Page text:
Sibongumenzi Mtshali is a fourth-year medical student at the FMHS and is the student coordinator for the Dean’s Advisory Committee on Environmental Sustainability.
In an extremely competitive academic environment with long hours spent in class, poring over course material and in hospital trying to apply all the knowledge acquired over the years, it is little wonder that medicine and health sciences students can lose sight of what’s happening around them.
Stellenbosch University’s (SU) Faculty of Medicine and Health Sciences (FMHS) has introduced a Vegetable Garden Club, offering students some ‘green time’ in the sun and therapy in the form of gardening.
The Vegetable Garden Club was founded in 2018 by the Dean’s Advisory Committee on Environmental Sustainability (DACES) in an effort to introduce even more green spaces at the university’s Tygerberg Campus, where the FMHS is based. Over the course of the past year, the Vegetable Garden Club has come to stand for more than just a green space on campus. It is a space students can use to cope with stress, form and strengthen relationships and play a role in fulfilling other students’ basic needs, all while interacting with the natural surroundings.
Being at university is a very stressful time in one’s life, there are so many obstacles to navigate and it begins to be even more difficult when you don’t have coping mechanisms in place.
This is especially important as the statistics for mental health problems among university students are alarming: according to 2018 South African Depression and Anxiety Group (SADAG) statistics, 1 in 4 university students have been diagnosed with depression, and the World Health Organisation (WHO) reported in 2017 that suicide is the second leading cause of death amongst university students.
The Vegetable Garden Club provides an outlet for stress. Spending time in the garden – be it planting or watering your vegetable patch is a great way to end off a taxing day or start the week on a positive note. This is in tune with the current movement in mental health spaces to improve individuals’ wellbeing through ‘green therapy’ and gardening forms a part of this.
This is also a great networking space and it not only means one more familiar face to greet on campus but also that you are able to connect with people outside of the garden and form good working and social relationships. For example, I joined the Vegetable Garden Club with one of my close friends last year and it has fortified our friendship. It also really helps to recognise someone you met in the garden when you walk around the sometimes daunting corridors of the hospital.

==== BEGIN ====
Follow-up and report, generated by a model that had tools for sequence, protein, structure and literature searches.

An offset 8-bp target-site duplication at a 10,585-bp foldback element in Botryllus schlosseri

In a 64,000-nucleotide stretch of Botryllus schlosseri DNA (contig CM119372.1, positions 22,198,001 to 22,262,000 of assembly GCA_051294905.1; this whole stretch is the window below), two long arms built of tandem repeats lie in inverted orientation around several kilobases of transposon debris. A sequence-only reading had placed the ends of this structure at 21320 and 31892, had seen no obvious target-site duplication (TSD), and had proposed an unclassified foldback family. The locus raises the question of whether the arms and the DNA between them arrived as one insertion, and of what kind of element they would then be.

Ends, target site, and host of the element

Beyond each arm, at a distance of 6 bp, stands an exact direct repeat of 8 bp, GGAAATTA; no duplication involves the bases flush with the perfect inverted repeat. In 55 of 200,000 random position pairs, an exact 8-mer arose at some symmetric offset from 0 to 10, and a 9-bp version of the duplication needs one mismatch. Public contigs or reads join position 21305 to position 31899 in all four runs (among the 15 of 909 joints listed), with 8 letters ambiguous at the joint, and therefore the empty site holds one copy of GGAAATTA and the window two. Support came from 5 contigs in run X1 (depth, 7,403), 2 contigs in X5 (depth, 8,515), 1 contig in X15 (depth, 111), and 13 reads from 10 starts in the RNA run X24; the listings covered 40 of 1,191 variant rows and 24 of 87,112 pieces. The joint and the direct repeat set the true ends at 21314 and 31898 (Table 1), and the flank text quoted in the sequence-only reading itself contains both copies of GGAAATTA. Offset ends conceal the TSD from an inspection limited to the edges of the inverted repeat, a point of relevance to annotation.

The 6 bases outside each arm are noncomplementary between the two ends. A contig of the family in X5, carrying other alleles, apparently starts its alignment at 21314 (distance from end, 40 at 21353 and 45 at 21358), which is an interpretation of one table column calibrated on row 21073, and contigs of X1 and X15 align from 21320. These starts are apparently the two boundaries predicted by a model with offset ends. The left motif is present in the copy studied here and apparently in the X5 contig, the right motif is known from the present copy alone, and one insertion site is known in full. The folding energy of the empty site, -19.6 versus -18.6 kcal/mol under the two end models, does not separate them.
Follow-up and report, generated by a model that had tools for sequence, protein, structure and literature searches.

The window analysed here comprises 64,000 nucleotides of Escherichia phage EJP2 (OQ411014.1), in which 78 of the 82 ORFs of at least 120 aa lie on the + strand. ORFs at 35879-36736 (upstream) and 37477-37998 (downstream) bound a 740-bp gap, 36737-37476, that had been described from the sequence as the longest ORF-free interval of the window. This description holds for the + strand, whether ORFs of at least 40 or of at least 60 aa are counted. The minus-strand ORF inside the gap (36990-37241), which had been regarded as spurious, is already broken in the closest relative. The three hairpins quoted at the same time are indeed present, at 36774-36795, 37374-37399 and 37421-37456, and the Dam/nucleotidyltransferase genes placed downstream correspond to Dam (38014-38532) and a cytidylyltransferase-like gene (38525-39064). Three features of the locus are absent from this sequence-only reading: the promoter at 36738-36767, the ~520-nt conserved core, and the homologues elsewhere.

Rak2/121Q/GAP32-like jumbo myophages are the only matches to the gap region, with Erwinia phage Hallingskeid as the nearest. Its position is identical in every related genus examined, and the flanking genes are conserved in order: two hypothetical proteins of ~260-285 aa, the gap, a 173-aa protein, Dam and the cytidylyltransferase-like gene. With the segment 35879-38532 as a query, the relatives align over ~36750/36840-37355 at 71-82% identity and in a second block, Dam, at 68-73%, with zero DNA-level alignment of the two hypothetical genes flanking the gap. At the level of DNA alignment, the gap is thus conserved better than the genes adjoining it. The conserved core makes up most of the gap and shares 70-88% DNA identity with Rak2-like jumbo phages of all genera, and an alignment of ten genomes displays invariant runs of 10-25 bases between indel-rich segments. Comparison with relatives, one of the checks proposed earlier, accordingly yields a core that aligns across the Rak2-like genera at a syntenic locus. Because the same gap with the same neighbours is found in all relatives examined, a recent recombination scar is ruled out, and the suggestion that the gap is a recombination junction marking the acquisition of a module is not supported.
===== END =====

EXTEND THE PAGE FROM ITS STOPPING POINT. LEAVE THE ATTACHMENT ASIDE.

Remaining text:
By far the most important aspect of the Vegetable Garden Club is our partnership with the Tygerberg Pantry Project to ensure food security for students on campus. For me, it is of little sense to dedicate our lives to saving patients in hospital when we cannot make a difference to our colleagues on campus. For this reason, I am most excited about the aforementioned collaboration.
A portion of the vegetables we harvest will be donated to the Tygerberg Pantry Project and from there on distributed to the various residences’ pantries so that those students who are in need may be able to access the food within their residences.
Whatever is not donated to other students is kept by the members of the Vegetable Garden Club and they will use it as they see fit. This is also helpful because those members who are in need have direct access to their own produce or if they know of someone in need they will be able to share with that individual.
The Vegetable Garden Club is very close to my heart because it is exactly the type of initiative that our campus needs. It addresses an array of issues that our students often struggle with and also helps to develop skills that we’ll need in the workplace in future.
The Tygerberg Campus Vegetable Garden is situated at the back of the sports fields on the side of Tygerberg Hospital. The Vegetable Garden Club is virtual group subscribing to a Whatsapp group where information is shared. Meeting times for specific activities like bed preparation and planting are discussed on the group as the need arises.
Currently all the areas are occupied. People interested to join the group for the next planting season in September can contact Christine Groenewald email@example.com,